More than two-thirds of Scottish business leaders have called for a referendum on any Brexit deal, according to a new survey.
A total of 68% of directors polled at the Institute of Directors (IoD) Scotland’s annual conference at Gleneagles Hotel yesterday backed the call for a people’s vote.
Just over a third (35%) agreed with the statement that Boris Johnson with no EU deal would be better for Scottish businesses than Jeremy Corbyn as Prime Minster and staying in the EU.
Making his first official engagement as the national director of IoD Scotland, Malcolm Cannon said: “Our members in Scotland are clear – they believe there should be another referendum once a Brexit deal has been reached.
“Currently, politicians have only considered meeting a Brexit deadline and not the wider impact that a deal will have on our economy.
“Now is not the time for ongoing infighting between the political parties, but real action that will benefit the British population and business.
“With not only a general election, but also a new Brexit extension on the horizon, it is vital that business leaders ensure their voices are heard.”
Mr Cannon said that despite the ongoing political uncertainty there was “cautious optimism” within the Scottish business community.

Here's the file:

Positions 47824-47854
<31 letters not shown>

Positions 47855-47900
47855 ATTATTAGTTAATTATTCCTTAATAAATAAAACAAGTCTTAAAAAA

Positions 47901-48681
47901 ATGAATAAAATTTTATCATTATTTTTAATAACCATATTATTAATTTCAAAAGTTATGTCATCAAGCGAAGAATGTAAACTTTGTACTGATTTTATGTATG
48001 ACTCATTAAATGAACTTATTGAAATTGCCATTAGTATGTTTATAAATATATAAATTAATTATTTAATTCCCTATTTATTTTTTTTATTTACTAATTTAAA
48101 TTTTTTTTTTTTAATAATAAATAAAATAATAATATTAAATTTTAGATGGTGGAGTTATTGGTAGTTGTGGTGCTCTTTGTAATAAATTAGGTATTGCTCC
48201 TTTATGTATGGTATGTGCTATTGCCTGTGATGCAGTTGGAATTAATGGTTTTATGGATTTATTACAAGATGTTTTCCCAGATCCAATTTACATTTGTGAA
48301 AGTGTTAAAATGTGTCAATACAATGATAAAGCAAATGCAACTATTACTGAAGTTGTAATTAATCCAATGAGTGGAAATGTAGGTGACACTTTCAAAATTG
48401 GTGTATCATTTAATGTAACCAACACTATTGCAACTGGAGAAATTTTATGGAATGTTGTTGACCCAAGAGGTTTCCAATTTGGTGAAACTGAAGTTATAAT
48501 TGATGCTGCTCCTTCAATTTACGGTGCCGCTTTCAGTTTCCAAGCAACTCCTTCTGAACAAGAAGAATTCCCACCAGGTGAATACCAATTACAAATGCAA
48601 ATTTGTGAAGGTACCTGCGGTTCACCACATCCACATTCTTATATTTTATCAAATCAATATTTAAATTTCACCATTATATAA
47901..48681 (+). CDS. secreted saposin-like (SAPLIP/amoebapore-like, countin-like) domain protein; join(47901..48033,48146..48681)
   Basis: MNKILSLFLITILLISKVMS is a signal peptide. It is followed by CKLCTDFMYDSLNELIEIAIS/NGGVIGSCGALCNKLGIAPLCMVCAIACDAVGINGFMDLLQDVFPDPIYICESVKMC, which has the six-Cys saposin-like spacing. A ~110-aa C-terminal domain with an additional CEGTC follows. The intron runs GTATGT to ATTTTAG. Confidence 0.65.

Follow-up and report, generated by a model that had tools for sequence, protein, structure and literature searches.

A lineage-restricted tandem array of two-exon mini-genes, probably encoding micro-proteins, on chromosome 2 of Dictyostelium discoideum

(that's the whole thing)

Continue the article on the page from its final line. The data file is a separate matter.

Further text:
Almost four-fifths (79%) of directors polled said they intended to increase investment and grow their workforce over the next 12 months.
Mr Cannon said: “For the last 10 years we’ve had uncertainty.
“We’ve had the banking crisis, the recession, we’ve had austerity measures imposed, we’ve then had four general elections and two referendums and Brexit.
“Everything has conspired to remove certainty from the table and businesses like certainty – the ability to plan, the ability to forecast relies on certain elements being predictable.
“Having said that in Scotland we have the skills to overcome, to be fast on our feet to be reactive and reasonable confidence.
“The impression I get from directors the conference today is belief.”
Mr Cannon, who previously spent four years as chief executive of Cricket Scotland, said he hoped to grow the membership and influence of IoD Scotland.
This year’s conference had the theme of ‘architects of the new Scottish economy’.
Speakers at the event included Edel Harris, chief executive of Cornerstone, and David Cutter, Diageo’s president of global supply and procurement.
Charlotte Valeur, who assumed the chair of the IoD last year, said: “We need to speak with a united voice to have influence. We are focussed on doing business and need to lead the way.”